[defendant]’s competence.” But none of these circumstances raised a question as
to defendant’s ability to understand the nature of the proceedings or assist counsel
in his defense. “[M]ore is required to raise a doubt [as to a defendant’s
competence] than mere bizarre actions [citation] or bizarre statements [citation] or
statements of defense counsel that defendant is incapable of cooperating in his
defense [citation] or psychiatric testimony that defendant is immature, dangerous,
psychopathic, or homicidal or such diagnosis with little reference to defendant’s
ability to assist in his own defense [citation].” (People v. Laudermilk (1967) 67
Cal.2d 272, 285.)
Moreover, contrary to defendant’s suggestion, the trial court did not
express a doubt as to defendant’s competence to stand trial. On April 14, 1986,
during the preliminary hearing in municipal court, defense counsel requested “that
we be allowed to talk to you in chambers and without the presence of the
prosecutor” regarding a request by defendant not to attend the preliminary hearing.
In denying counsel’s request to speak to the court outside the presence of the
prosecutor, the court stated: “If counsel is of the opinion that the court ought to be
persuaded by what you might say or what I have seen thus far that inquiry should
be made pursuant to section 1368, that you got to do in open court. There is no
provision for a secret disclosure of counsel’s feelings. With respect to that, there
is no evidence upon which I might conclude so far that the defendant is in any way
unable to understand and participate in the proceedings.”
Ten months later, on February 26, 1987, just prior to the weekend recess
during a hearing on pretrial motions, the superior court judge sought time
estimates from counsel regarding proceedings the following week and asked
defense counsel: “Are there any motions that you are considering as to other
aspects of this case that should be filed or you are considering filing? 1368 comes
to mind.” Daniel Hernandez responded: “We’ve been considering that from the
beginning of course and we haven’t made a decision on that and we are very
aware and concerned about that.” The court replied: “So am I. Again I’m not
trying to jump in and tell you guys how to run your ship. That is an avenue I think
that has to be explored one way or another.”
The next month, on March 24, 1987, the court spoke to defense counsel
about when they were going to file a severance motion and then added: “The
1368 and related issues I would also like you to consider. I realize that that is
going to be a very difficult one for you, but I would like you to get working on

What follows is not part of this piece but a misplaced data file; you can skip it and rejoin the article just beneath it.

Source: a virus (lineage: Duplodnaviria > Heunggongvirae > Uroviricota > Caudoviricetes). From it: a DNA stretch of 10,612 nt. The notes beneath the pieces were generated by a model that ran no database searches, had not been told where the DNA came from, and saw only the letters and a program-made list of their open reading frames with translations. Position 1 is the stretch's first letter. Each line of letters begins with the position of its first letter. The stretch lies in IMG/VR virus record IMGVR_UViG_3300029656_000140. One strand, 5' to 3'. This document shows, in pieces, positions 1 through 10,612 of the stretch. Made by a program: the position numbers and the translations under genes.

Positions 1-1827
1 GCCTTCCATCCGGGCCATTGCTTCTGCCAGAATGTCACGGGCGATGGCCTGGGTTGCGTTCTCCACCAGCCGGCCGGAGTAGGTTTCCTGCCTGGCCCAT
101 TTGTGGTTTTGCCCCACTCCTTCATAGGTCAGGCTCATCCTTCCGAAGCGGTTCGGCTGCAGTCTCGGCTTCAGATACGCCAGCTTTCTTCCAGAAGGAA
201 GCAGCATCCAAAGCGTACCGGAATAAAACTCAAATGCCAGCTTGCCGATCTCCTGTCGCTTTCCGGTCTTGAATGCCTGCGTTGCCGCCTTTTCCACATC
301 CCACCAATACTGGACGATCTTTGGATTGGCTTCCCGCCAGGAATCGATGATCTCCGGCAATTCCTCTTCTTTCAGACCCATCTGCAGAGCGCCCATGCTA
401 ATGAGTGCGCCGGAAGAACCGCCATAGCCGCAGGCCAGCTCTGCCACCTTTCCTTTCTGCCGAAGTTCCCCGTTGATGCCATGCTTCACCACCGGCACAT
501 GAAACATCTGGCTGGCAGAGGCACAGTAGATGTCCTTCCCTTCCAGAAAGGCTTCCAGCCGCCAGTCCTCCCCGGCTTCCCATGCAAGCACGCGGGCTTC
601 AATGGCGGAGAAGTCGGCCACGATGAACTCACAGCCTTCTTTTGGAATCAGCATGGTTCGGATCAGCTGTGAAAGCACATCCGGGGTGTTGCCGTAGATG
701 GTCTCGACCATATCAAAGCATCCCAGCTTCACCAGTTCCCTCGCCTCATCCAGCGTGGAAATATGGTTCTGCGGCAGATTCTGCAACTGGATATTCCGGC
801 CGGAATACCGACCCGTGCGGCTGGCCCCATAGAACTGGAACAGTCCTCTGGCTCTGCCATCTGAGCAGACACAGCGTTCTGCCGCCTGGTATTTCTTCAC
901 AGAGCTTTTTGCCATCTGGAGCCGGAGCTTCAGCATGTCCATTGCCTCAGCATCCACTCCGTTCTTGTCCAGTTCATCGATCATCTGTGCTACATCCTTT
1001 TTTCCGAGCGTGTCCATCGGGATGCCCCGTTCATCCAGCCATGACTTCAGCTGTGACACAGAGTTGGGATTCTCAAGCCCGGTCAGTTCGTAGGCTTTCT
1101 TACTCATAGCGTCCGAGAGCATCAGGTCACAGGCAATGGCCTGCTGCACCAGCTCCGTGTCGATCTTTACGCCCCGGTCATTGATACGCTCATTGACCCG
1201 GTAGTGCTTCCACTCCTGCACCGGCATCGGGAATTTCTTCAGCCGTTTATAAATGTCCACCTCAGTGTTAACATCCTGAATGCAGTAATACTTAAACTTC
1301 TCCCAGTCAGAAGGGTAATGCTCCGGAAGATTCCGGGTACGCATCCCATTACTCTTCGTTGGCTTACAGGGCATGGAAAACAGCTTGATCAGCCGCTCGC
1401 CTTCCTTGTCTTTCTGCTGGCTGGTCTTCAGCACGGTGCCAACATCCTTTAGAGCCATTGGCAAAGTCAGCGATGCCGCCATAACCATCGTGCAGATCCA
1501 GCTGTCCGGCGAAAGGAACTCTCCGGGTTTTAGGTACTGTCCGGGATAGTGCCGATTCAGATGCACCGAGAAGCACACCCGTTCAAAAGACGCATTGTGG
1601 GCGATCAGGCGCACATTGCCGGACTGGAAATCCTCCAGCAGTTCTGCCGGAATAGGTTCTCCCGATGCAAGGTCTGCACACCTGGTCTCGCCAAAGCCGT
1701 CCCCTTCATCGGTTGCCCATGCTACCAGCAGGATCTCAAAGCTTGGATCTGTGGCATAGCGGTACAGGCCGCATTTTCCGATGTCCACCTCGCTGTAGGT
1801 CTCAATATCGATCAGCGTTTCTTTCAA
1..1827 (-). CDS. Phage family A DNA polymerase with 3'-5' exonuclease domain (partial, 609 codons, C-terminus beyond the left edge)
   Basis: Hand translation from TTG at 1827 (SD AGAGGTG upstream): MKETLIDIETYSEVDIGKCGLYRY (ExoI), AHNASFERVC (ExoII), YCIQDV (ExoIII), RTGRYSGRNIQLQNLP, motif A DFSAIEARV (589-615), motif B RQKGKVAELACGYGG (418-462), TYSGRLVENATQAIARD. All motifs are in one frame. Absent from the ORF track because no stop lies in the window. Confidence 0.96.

that as well.”
From the above quoted statements, it is clear the trial court made inquiries
into whether defense counsel planned to file a section 1368 motion, but the trial
court did not express a doubt as to defendant’s mental competency.
4. Motion for Change of Venue
Defendant contends the trial court erred in denying his motion for change
of venue under section 1033, depriving him of his rights under article I, section 15
of the California Constitution and the Fifth, Sixth, and Fourteenth Amendments to
the United States Constitution. We disagree.
The offenses with which defendant was charged occurred between June 27,
1984 and August 8, 1985. Defendant was arrested on August 31, 1985, and the
felony complaint against him was filed on September 3, 1985. Nearly a year after
his arrest, on July 21, 1986, following the preliminary hearing, defendant filed a
motion for change of venue. The trial court conducted an extensive hearing on the
motion which spanned two months. The court viewed hours of videotape
recordings of television news broadcasts.
Paul Strand, Ph.D., testified for defendant that during the last week of
November, 1986, he conducted a telephone survey of 300 persons who were
eligible to be prospective jurors, using a computer program that generates random
telephone numbers. The survey revealed that 94.3 percent of those who responded
had heard of the case and 52.7 percent were able to recall something about
defendant, such as that he was a Satanist or that he looked evil or mean. About
half (47.7 percent) indicated that the Night Stalker murders had posed no
particular threat to them, while nearly an equal number (46 percent) said their
concern for their safety had increased when the murders were occurring. Just over
10 percent of those polled said they had taken special precautions. At the time of
the survey, more than a year after defendant was arrested, only 31.7 percent
indicated they continued “to have feelings about this case,” with the rest agreeing
that they had “pretty much forgotten about it.”
Slightly more than half of the people questioned (51.7 percent) said that
“[b]ased on what [they had] seen or heard” they thought defendant was
“responsible” for the Night Stalker murders, while about a third of those polled
(34.7 percent) said they would need more information to make a judgment. Only
one person (0.3 percent) believed defendant was not responsible for the murders.
Strand testified that the levels of recognition and predisposition were the